To Tim Madigan, we have to say this: Thank you. And you know something else? We're really proud of you.

Thursday, March 6, 2008

Do you believe me?

Janet, do your ever tell stories about yourself? Do you ever exaggerate a bit or combine some aspects to make the story easier to tell? I bet you did--I know I have. I think most people are smart enough to know that about people. What about authors of autobiographies? How much slack should we give them? Oprah didn’t give much to James Frey, author of the book A Million Little Pieces in 2006. Apparently his “true-life” story about drug and alcohol addiction recovery had some events that were not entirely accurate. Publisher Random House stood behind the author in a lawsuit and new copies of the book have a disclaimer. Our copy of the book has the letter from the publisher right in the front of the book and the genre “Biographical Fiction” is used to describe this book in our catalog.

There are recent controversies about the “memoirs” of a holocaust survivor and a totally fabricated story about a South-Central LA foster child who succeeds despite overwhelming odds. The author of the second book “Margaret B. Jones” is really Margaret Seltzer who made up her life, ethnicity and background --portrayed as a true account in this book. The story received rave reviews in the New York Times, and interviews all over the country including NPR were lined up for the publicity launch. Instead, after the author’s sister recognized her in an article and called the publisher to say they’d been duped—the publisher pulled all copies of the books of the shelves.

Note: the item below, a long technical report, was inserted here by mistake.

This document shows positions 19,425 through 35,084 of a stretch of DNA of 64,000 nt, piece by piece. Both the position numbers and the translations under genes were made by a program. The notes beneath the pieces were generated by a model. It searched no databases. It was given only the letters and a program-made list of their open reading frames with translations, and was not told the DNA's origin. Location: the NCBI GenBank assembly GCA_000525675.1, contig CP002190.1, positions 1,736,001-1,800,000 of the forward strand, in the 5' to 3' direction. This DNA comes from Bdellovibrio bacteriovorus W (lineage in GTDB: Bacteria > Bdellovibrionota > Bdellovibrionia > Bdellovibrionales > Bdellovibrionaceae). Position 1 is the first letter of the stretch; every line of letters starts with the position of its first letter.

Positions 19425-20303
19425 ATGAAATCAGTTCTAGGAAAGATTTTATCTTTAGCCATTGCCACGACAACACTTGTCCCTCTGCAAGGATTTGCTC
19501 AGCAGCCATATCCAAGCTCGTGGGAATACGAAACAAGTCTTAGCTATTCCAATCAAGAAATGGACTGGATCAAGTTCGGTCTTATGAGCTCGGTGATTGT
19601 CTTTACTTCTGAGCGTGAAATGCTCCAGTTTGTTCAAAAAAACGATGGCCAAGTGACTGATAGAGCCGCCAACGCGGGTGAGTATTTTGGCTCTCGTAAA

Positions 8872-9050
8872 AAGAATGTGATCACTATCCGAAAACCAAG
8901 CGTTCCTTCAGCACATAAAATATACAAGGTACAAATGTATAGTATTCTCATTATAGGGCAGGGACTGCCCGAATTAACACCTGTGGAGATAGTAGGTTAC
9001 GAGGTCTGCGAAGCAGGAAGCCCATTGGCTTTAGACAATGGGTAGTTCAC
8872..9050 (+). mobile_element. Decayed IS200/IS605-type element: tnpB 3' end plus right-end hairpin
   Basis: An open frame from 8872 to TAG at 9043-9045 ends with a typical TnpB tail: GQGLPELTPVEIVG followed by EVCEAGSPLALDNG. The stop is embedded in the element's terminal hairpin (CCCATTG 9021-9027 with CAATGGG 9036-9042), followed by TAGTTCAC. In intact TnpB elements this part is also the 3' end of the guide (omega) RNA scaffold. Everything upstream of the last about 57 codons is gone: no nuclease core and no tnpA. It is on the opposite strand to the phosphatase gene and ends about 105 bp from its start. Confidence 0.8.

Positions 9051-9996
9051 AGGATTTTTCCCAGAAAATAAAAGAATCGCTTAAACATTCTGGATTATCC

Why did the author have to say it was a true story about themselves rather than a novel? The vastly successful Memoirs of a Geisha was written by an American white male. Some insight may come from psychologists rather than literary critics. I listened to several stories on NPR and there’s a long history of this according to Laura Browder author of Slippery Characters: Ethnic Impersonators and American Identities. Of course, our job as librarians is to stay on top of these issues to help spread the word—but Ms. Browder noted in her NPR interview that it’s unusual for books to be pulled off the shelves for deception—there’s usually a firestorm of publicity and then things return to normal. So Janet, you can’t always believe what you read—even if it’s on the Chester Fritz Library shelves.